Greenback in the headlights: IMF’s top priority should be cutting the almighty dollar down to size, says ALEX BRUMMER
The retreat by Kwasi Kwarteng on the cut in the top rate of income tax turned the tide on financial markets.
Traders, strategists and even the IMF had seized upon the reduction as a symbol of fiscal ineptitude.
And without doubt, telling the Office for Budget Responsibility to take a hike was poor judgment.
Big bucks: The rush into the dollar left other G7 economies stranded as the greenback surged
Nevertheless, the idea that Britain has somehow become more profligate than its G7 compatriots needs disputing.
No other G7 government chose to raise taxes in the face of the energy price crisis except the UK. So the biggest changes, rolling back the national insurance surcharge and corporation tax rise, just restored the status quo ante.
Joe Biden has increased some taxes but they are far outweighed by his spending splurge. In any case, rich Americans are taxed much less than their British counterparts. This is why UK executives, such as Reckitt Benckiser boss Laxman Narasimhan, chose to flee to the USA.
The reality is that the Ukraine war set off a global price shock, and the Federal Reserve led the way in raising interest rates.
The rush into the dollar left other G7 economies stranded as the greenback surged. Japan watched the yen tumble to a 35-year low and is actively talking about intervention to restore order.
The last week has seen frequent references to the Barber boom of the early 1970s but ‘Competition and Credit Control’ was a monetary not a fiscal expansion.
Moreover, the UK’s exit from the Exchange Rate Mechanism in 1992 is painted as a disaster but also sowed the seeds of inflation targeting in Britain and a glorious period of growth.
The priority next week at the IMF annual meeting and G7 should be to persuade US officials to show the foresight of the former US Treasury Secretary James Baker and seek a path, as at the Plaza in 1985, to what fund managers Amundi describe as ‘reverse currency war’. That means cutting the almighty dollar down to size.
There is precious little confidence surrounding Credit Suisse.
The last thing the global economy needs at this juncture is an implosion at a significant global bank. Memories of Lehman Brothers are still fresh even if the collapse of Vienna-based Creditanstalt in 1931 is no more than a footnote to the Great Depression.
Regulators and executives cannot dismiss a near-60 per cent decline in Credit Suisse share price this year. Short-sellers often make the right calls, as was seen in the UK in the financial crisis when the subsidence of share prices foretold the fate of among others HBOS, Bradford & Bingley and Royal Bank of Scotland.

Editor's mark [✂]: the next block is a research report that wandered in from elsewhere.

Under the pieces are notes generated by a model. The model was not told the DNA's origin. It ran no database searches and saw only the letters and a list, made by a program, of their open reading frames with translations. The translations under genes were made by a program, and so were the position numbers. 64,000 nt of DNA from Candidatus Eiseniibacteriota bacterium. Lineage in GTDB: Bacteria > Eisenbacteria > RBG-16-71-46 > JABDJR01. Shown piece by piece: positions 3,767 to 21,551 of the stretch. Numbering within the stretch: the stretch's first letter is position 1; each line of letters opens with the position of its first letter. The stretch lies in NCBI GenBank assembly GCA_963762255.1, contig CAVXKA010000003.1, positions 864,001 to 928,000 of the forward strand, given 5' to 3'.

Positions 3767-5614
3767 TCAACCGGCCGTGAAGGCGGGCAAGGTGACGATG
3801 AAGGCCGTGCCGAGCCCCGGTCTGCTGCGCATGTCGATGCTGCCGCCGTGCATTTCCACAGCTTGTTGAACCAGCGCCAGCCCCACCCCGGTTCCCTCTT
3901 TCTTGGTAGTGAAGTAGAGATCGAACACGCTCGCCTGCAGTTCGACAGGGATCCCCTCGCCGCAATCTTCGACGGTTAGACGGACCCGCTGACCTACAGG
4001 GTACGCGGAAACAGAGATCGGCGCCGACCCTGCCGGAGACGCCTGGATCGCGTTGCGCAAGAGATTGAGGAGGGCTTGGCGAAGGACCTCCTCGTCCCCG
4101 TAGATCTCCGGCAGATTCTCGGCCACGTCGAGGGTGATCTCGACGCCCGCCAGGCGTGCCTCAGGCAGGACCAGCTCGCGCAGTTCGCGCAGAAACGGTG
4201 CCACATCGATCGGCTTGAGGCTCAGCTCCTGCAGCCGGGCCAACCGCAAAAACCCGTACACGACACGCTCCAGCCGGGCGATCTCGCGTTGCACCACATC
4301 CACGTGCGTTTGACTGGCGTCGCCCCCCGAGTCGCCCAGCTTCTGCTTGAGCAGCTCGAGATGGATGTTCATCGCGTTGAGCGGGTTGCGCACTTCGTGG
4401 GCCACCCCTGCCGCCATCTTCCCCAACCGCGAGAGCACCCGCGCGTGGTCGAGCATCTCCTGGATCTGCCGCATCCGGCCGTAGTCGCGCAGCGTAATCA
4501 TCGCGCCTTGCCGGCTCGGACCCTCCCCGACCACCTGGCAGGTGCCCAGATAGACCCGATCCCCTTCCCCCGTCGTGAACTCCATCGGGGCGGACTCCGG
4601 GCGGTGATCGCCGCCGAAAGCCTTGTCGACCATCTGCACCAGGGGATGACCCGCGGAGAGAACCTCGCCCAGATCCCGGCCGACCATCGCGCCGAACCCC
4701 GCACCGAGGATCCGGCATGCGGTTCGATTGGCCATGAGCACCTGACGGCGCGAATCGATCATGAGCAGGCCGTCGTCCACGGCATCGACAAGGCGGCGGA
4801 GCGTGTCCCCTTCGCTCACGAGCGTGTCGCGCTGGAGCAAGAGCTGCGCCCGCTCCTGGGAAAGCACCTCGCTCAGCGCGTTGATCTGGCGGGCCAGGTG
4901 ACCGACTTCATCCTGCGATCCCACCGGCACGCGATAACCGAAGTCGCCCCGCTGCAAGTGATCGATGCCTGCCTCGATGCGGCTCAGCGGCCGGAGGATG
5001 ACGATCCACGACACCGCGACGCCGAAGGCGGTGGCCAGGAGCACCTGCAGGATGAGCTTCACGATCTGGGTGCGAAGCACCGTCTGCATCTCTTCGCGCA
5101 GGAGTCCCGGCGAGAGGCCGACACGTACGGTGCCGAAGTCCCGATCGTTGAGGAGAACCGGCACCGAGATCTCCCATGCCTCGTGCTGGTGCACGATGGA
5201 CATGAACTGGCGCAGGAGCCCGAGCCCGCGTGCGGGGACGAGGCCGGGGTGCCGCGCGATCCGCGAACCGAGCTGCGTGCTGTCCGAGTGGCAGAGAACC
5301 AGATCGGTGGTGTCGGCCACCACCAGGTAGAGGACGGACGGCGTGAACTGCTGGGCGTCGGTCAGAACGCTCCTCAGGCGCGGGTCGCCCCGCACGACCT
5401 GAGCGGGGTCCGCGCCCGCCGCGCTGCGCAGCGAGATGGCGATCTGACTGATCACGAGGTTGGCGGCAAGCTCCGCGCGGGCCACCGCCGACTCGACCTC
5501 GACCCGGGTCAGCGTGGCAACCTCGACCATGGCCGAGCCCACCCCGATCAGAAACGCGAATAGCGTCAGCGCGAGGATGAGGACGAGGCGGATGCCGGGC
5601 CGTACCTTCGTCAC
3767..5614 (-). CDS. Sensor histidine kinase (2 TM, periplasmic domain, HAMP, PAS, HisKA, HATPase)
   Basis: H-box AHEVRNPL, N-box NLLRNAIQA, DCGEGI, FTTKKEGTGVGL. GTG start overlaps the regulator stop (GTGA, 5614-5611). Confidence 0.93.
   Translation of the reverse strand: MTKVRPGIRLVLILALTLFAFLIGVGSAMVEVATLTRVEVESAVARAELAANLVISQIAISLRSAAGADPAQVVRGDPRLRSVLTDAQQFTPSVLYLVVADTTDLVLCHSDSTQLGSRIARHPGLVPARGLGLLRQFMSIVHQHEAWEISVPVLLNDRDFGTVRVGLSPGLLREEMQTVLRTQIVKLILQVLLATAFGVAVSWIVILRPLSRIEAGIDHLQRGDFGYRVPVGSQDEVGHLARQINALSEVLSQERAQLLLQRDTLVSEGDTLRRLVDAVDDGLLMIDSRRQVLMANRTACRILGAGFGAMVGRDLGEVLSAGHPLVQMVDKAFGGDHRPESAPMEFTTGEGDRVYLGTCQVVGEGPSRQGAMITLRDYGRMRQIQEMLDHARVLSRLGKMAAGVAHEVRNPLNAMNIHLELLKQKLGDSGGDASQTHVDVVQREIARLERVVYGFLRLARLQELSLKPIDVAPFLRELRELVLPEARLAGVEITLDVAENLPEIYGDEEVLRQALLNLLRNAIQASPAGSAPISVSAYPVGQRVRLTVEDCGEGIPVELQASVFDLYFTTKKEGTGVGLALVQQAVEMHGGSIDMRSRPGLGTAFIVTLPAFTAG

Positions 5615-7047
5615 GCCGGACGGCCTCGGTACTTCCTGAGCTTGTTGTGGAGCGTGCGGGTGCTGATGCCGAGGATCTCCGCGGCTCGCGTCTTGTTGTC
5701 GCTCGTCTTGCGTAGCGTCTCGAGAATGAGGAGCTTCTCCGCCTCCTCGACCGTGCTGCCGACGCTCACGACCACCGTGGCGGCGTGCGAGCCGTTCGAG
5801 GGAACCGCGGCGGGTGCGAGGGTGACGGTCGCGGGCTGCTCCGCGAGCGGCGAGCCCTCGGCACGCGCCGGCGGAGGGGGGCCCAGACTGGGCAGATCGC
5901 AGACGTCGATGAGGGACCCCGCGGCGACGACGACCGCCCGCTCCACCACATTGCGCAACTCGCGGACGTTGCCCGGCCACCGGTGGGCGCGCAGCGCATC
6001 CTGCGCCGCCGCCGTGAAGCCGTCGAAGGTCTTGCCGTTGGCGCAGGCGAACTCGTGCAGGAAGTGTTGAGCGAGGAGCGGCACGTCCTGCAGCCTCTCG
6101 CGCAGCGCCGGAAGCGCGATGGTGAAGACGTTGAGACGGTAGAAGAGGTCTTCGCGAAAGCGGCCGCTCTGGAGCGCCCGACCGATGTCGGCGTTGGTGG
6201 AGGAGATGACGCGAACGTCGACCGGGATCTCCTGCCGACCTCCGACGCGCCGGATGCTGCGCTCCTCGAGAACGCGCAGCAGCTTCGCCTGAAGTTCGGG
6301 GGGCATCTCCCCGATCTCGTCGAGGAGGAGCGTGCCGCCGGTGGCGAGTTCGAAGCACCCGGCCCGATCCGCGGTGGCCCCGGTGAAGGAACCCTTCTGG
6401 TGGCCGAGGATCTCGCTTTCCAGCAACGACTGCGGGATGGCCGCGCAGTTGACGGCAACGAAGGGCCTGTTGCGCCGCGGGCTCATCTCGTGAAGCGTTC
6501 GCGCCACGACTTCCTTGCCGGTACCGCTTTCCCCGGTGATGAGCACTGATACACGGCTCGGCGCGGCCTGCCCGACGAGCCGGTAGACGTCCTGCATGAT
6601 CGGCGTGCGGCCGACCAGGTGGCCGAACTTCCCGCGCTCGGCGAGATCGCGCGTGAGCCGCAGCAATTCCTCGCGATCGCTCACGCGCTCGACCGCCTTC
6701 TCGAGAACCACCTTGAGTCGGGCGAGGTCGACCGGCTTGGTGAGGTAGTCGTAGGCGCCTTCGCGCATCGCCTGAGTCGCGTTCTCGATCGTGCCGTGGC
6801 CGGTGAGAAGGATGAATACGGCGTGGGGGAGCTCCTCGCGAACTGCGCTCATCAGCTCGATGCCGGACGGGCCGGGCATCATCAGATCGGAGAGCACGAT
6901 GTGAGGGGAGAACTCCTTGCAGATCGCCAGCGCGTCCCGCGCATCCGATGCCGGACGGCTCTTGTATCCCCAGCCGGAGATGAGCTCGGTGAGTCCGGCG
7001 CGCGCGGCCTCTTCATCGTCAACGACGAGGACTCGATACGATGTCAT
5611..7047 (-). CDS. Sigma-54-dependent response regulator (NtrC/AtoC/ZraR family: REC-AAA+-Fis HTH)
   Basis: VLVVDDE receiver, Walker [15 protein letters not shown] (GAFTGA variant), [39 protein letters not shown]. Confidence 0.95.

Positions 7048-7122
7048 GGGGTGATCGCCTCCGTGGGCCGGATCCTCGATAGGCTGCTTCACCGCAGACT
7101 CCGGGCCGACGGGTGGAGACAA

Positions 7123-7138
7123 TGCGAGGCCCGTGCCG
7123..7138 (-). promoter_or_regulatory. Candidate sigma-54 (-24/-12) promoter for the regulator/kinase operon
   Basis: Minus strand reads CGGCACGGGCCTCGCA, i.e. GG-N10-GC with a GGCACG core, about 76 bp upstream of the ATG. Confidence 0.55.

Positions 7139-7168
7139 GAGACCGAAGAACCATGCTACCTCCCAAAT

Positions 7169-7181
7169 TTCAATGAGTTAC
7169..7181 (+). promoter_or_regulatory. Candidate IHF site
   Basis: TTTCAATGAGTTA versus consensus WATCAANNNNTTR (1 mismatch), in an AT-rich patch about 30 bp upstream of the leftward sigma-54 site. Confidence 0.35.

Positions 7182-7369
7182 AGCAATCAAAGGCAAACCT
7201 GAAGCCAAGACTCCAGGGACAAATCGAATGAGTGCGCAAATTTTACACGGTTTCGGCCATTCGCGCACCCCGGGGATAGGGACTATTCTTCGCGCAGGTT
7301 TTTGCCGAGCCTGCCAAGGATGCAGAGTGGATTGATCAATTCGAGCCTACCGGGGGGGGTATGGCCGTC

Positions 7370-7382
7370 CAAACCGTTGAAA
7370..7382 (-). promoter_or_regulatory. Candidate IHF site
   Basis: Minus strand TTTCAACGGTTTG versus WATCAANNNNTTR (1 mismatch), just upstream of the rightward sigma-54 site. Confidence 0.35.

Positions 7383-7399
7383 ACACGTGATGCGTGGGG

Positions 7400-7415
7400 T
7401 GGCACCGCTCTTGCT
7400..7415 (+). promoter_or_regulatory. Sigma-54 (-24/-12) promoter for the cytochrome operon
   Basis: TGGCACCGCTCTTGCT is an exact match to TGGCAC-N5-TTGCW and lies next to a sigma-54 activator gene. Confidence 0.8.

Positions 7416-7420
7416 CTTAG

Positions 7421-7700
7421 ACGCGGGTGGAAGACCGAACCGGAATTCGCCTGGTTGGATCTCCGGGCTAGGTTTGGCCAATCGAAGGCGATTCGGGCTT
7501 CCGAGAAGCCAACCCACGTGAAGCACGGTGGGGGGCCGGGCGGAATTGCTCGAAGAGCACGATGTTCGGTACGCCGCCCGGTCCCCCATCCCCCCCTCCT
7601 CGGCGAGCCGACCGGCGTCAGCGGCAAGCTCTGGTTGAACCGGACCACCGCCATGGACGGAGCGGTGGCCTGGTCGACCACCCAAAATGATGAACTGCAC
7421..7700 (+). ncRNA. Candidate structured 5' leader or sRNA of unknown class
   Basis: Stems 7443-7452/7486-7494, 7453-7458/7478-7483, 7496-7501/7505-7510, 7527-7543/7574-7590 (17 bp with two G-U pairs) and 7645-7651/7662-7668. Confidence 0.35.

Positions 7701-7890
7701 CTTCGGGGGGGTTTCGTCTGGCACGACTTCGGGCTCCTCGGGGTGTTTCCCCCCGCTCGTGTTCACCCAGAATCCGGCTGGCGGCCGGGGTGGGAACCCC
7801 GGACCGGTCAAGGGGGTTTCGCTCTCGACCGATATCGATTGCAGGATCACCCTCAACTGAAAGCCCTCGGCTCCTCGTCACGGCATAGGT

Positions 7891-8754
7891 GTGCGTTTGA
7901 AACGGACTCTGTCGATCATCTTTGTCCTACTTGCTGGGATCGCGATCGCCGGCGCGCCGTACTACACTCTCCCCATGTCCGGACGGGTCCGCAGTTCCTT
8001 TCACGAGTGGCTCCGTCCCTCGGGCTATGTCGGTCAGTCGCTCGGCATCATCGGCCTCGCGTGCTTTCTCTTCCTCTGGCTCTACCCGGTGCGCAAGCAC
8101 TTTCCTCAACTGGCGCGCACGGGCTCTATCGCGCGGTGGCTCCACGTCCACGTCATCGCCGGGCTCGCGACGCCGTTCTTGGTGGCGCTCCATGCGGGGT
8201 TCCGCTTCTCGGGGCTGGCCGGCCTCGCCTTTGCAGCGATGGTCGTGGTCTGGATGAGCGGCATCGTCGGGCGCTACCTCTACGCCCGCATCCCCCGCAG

The Swiss bank’s credit risk is at an alarmingly high level. Some analysts argue that this is not that exceptional. Companies such as General Motors are more in peril as measured by credit default swaps.
Banks are not like car companies. It is the unseen run of commercial deposits which seals the fate of banks. Across financial markets, there is a flight to safety.
Credit Suisse’s capacity to be sucked into scandals, including the fall of hedge fund Archegos, Greensill, Mozambique tuna bonds and Bulgarian money laundering, has left its good standing full of holes.
Faced with the market challenges, chief executive Ulrich Koerner has sought to calm markets, emphasizing the bank’s strong liquidity and capital.
All that did was increase nervousness about prospects, but he probably had no other options.
In spite of work done to end ‘too big to fail’, it is unthinkable that Credit Suisse would be allowed to tip over. Emergency funding from the Swiss National Bank or a merger with UBS are possible outcomes.
After all, the reputation of the gnomes of Zurich is at risk.
Vodafone’s effort to buy Hutchison-owned Three has been one of the worst secrets in the City. It would create a market-leading mobile enterprise with some 27m customers, with the aim of investing heavily in 5G. Such a deal, which would hive-off Vodafone UK into a separate entity, will largely depend on competition authorities.
Until recently, squeezing four – Vodafone, BT’s EE, Virgin’s O2 and Three – into three cell phone operators was seen as a no-go area.
It would, almost certainly, strengthen the pricing power of Vodafone. That makes for tough decisions ahead for Ofcom and the Competition and Markets Authority.